How the role of the cloud “middleman” is changing
The role of cloud broker takes on new meaning as the cloud market matures. Cloud customers are no longer looking for discrete cloud services, but rather multiple cloud offerings – potentially across different vendors – to meet their unique business needs. But customers cannot combine disparate cloud services on their own.
Cloud Broker Services have evolved into three unique roles in response to these new demands: Cloud Aggregator, Cloud Services Broker Enabler, and Cloud Customizer, said Tiffani Bova, vice president of the research channel innovation and sales strategies for Stamford, Connecticut. -based Gartner Inc. Each broker model offers its own view of the evolving cloud brokerage market and will help drive the adoption of cloud services by providing the right level of advice and integration, she said.
The cloud broker as an aggregator
Cloud aggregators build relationships with cloud providers and make the services of those providers available to the end customer. Cloud aggregators bring multiple cloud services together in a single user interface and manage billing, governance, and security for the customer. Cloud aggregators tend to be businesses with large existing customer bases, such as telecom operators and large IT distributors, Bova said.
The Cloud Services Broker Enabler
Cloud Service Broker Enablers Empower cloud aggregators by maintaining the cloud aggregation platform used by aggregators. Cloud enablers, such as Jamcracker and AppDirect, have the technology used by large hosting providers and telecom operators to power their aggregation platforms or cloud markets, Bova said.
The broker as a cloud customizer
Cloud aggregators can help customers acquire disparate cloud services, but they don’t integrate and customize those services. Cloud customizers are taking over to deliver fully integrated sets of cloud services. Customizers select cloud services on behalf of their customers, based on the needs of the end user, Bova said. “Cloud customizers might take something [Cisco] WebEx, an offer of Amazon and [one from] Microsoft Office 365 and aggregate [them] on a single invoice for customers. ” She said. âCustomizers are integrating all the services to work together and sell this new offering in their own packaging, like ‘Collaboration as a service for small businesses,’â she said. While this is Customizer’s single cloud service set, the new offering is powered by several disparate cloud services.
Putting these new cloud broker roles into practice
Appirio, a cloud services broker and cloud customizer, works with many cloud providers, like Saleforce.com, Workday inc. and Google platforms – for the implementation and development of custom applications. Some business customers may be interested in a particular cloud provider or service, but the offering may not meet their business needs from the start.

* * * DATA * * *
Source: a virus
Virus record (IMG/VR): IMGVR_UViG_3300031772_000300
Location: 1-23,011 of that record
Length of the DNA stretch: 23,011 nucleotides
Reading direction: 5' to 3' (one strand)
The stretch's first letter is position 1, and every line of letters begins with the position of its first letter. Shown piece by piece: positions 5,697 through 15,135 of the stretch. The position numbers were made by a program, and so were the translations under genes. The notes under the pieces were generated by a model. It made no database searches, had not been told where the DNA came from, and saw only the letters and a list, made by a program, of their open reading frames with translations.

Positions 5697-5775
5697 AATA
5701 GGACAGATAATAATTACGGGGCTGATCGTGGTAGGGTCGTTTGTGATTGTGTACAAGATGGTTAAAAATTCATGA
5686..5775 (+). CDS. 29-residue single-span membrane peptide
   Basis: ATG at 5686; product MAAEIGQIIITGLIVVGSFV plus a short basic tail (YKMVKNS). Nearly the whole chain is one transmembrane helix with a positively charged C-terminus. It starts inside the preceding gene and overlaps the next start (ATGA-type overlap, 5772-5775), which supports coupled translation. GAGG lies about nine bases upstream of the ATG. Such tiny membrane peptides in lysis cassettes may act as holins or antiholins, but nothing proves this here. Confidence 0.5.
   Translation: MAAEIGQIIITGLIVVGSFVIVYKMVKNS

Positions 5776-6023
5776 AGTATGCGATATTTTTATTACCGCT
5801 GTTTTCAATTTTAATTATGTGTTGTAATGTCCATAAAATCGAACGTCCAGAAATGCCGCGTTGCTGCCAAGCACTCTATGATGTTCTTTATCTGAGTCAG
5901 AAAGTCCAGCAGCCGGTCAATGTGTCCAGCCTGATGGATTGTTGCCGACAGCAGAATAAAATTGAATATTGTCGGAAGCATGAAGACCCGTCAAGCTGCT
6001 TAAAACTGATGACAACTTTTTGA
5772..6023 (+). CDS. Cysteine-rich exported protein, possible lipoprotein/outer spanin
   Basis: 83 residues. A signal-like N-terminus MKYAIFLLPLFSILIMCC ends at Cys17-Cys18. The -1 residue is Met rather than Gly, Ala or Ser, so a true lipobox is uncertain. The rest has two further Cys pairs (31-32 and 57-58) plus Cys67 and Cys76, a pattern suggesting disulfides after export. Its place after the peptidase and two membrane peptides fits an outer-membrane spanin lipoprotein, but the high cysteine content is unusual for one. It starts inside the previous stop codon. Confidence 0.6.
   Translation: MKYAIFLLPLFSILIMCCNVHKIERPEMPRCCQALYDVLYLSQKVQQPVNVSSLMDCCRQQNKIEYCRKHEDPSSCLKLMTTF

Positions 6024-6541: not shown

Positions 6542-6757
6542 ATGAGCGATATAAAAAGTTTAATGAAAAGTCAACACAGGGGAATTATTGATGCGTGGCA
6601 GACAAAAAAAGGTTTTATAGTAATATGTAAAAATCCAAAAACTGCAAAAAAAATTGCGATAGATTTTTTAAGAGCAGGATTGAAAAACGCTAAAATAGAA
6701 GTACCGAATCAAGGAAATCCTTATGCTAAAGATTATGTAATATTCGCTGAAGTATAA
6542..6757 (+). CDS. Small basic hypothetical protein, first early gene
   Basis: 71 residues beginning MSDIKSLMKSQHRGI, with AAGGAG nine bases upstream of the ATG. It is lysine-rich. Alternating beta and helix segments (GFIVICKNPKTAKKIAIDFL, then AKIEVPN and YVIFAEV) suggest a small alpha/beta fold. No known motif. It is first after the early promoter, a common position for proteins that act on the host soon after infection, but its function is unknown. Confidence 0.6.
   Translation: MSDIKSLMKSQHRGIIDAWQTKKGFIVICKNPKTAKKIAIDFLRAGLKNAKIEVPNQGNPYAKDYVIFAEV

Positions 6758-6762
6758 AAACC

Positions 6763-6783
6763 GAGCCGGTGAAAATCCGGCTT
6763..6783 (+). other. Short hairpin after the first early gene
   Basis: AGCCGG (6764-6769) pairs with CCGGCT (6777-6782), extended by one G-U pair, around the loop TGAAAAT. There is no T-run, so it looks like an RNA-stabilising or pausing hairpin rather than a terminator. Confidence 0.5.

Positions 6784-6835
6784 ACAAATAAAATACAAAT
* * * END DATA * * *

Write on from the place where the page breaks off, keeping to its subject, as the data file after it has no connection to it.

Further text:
“Customers see us as a partner who can go beyond the implementation and offer the customization of a standard offering, as well as the integration with the enterprise software that is really necessary for complex infrastructures”, said Glenn Weinstein, CTO of Appirio.
Cloud customization is done by the Appirio development team, and the typical cloud broker client project focuses on extending Software as a Service platforms beyond what a cloud provider partner. typical might deliver, Weinstein said. “Salesforce partners stick to the heart CRM [customer relationship management] process, but Appirio could integrate business processes beyond standard CRM, âhe said.
Some verticals do business with cloud brokers more than others, Weinstein said. âIn order to meet the needs of our customers, we find ourselves offering more industry specific solutions and bundles, such as media and financial services,â he said.
Cloud brokerage services: how will the market continue to change?
Although cloud brokers come in many different forms, they can evolve into middlemen who neither own any hardware nor provide services – just companies that match buyers and sellers, said Lynda Stadtmueller, program director of services at cloud computing for Frost &, based in San Antonio. Sullivan Inc.
“We will not have a real brokerage in the cloud until we have a general belief that [cloud] is a commodity market, the units are consistent across the board and price is the driver, âshe said. âThe market is not there yet. “
Brokers as middlemen are also likely to become a more popular way to sell cloud services for providers, Gartner’s Bova said. “[Providers] can go out and strike a deal with both small businesses, or they can strike a deal with the five biggest carriers in the US that can target hundreds of small businesses that already trust their carrier. ” , she said. able to reach customers they may not have previously accessed. “
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